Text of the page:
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Corporate Spin-Off Transactions and Lawsuits Increase

August 2, 2016

Corporate spinoffs occur when a new independent company is created through the sale or distribution shares of an existing business, called the “parent company”. This may occur for several reasons, such as to help nurture new potentials from existing divisions of the parent company. Spinoffs can have various benefits for the parent company, the resulting independent company, and the general investment community as a whole. Some of the more successful business entities have had their beginnings as spinoff projects.

Corporate Spin Off Transaction Growth Trends

We are seeing an increased number of spinoffs in the past few years. This trend in growth can largely be attributed to the work of shareholder activism. That is, shareholder activists will often demand a spinoff from a company in which they have taken a position. Spinoff transactions may also be increasing because:

  • Spinoffs can sometimes return higher yields than other business activities (which is favorable given current low-yield environments)
  • Spinoffs may often unlock value from the spinoff business and reveal new potentials for existing projects
  • From the parent company’s perspective, the choice to create a spinoff can assist with larger strategic decisions, such as facilitating debt payoffs

Legal Issues Associated with Spinoffs

Even smaller spinoff projects can be massively complex, and may involve a number of legal issues and considerations. To give you a picture of how complex spinoffs can be, some common issues that need to be addressed in a spinoff may include:

  • Governance issues, such as board composition and diversity, especially with regards to board members with roles at the parent company
  • How legal representation and legal liability work out for the parent and spin-off entity
  • Whether the spinoff company will adopt similar governance measures and policies as the parent
  • Transparency and disclosure regarding information related to the spinoff decision
  • Actions by the parent and/or spinoff entity that can affect shareholders
  • Use of a spinoff as an attempt avoid investigations for merger/acquisitions violations

In particular, violations of state and federal conflict-of-interest laws can be a major concern in this area. For instance, regulations may vary regarding whether a person can serve on boards for both the parent and the spinoff. With the increase in spinoff transactions, we should also be seeing a corresponding increase in legal actions related to spinoffs.

Lawsuit Filed by Kessler Topaz in Connection with Kimberly-Clark's Spinoff of Halyard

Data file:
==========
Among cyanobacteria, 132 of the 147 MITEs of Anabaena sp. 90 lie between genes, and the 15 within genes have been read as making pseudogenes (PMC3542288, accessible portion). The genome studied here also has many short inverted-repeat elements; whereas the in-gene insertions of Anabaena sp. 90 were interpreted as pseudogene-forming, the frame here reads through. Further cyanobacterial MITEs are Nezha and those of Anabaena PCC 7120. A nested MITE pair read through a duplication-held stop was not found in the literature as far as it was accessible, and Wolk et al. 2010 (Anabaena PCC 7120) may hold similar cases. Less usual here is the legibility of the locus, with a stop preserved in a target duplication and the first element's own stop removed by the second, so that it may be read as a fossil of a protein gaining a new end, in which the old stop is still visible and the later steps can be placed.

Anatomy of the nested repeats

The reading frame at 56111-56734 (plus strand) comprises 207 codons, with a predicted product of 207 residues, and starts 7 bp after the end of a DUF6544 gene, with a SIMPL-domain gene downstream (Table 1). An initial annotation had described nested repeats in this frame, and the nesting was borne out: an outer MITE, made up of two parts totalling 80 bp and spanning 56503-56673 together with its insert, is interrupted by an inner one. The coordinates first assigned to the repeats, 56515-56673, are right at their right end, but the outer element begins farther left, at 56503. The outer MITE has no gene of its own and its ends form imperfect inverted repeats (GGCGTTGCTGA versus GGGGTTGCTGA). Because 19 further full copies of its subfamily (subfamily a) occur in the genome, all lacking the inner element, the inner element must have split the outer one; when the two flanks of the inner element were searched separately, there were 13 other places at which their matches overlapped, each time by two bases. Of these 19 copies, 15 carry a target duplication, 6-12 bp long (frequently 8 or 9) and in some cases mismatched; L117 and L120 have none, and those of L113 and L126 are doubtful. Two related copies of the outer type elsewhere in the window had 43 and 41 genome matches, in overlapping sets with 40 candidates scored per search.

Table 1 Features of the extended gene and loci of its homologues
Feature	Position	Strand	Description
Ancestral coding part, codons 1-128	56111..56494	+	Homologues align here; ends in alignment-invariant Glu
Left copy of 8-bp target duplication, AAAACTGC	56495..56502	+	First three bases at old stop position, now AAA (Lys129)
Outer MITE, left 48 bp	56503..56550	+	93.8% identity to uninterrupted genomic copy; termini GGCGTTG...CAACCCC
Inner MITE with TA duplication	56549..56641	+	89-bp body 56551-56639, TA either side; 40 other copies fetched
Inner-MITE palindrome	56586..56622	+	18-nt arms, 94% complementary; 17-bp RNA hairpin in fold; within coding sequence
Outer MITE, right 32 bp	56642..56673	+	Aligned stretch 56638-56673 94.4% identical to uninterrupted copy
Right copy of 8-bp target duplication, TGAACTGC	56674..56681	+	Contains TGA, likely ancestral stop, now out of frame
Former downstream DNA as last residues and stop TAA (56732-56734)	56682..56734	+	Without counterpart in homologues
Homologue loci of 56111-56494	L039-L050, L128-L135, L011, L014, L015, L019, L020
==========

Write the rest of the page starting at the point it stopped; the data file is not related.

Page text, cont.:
An example of the legal complexities and conflicts that can arise in connection with spin-off transactions can be seen in a recent lawsuit filed in the health care industry.  The law firm of Kessler Topaz Meltzer & Check, LLP has recently announced the filing of a shareholder class action lawsuit against Halyard Health, Inc (“Halyard”) and Kimberly-Clark Corporation (“Kimberly Clark”). The suit is being filed on behalf of investors who purchased or otherwise acquired Kimberly-Clark or Halyard securities in connection with Kimberly-Clark’s spin-off of Halyard in October 2014.

The class action lawsuit alleges that the defendants made false and/or misleading statements regarding Halyard’s MICROCOOL surgical gowns. Specifically, the complaint alleges that Halyard failed to disclose issues regarding the gowns’ effectiveness and their failure to meet industry standards. The gowns were provided to U.S. workers during the Ebola crisis.

Also, according to the complaint, 60 Minutes reported that Kimberly-Clark and Halyard “aggressively” marketed MICROCOOL gowns to hospitals during the Ebola crisis, despite them being prone to leaks. After the release of the news, shares of Halyard’s stocks fell $1.21 per share (4.3%).

For more information regarding Class Period, legal options, lead plaintiff recommendations, and other important issues, investors who purchased or otherwise acquired Halyard securities during the Class Period are encouraged to contact Kessler Topaz (Darren J. Check, Esq., D. Seamus Kaskela, Esq. or Adrienne O. Bell, Esq.) at (888) 299-7706 or by email at info@ktmc.com.

As you can see, spin off transactions can create opportunities that are beneficial to the company as well as shareholders. However, extra care must be taken to ensure that legal issues such as disclosure, transparency, and sound business practices are properly addressed.

The best thing for companies to do is to have clearly delineated policies and plans for spinoff transactions, and to ensure that issues such as disclosure and compliance are directly built into such plans. If you have any questions, concerns, or legal issues regarding shareholder rights and spinoff transactions, don’t hesitate to contact us at Kessler TopazOur team of attorneys is dedicated to preventing fraud and protecting shareholder rights at all levels of corporate decision-making.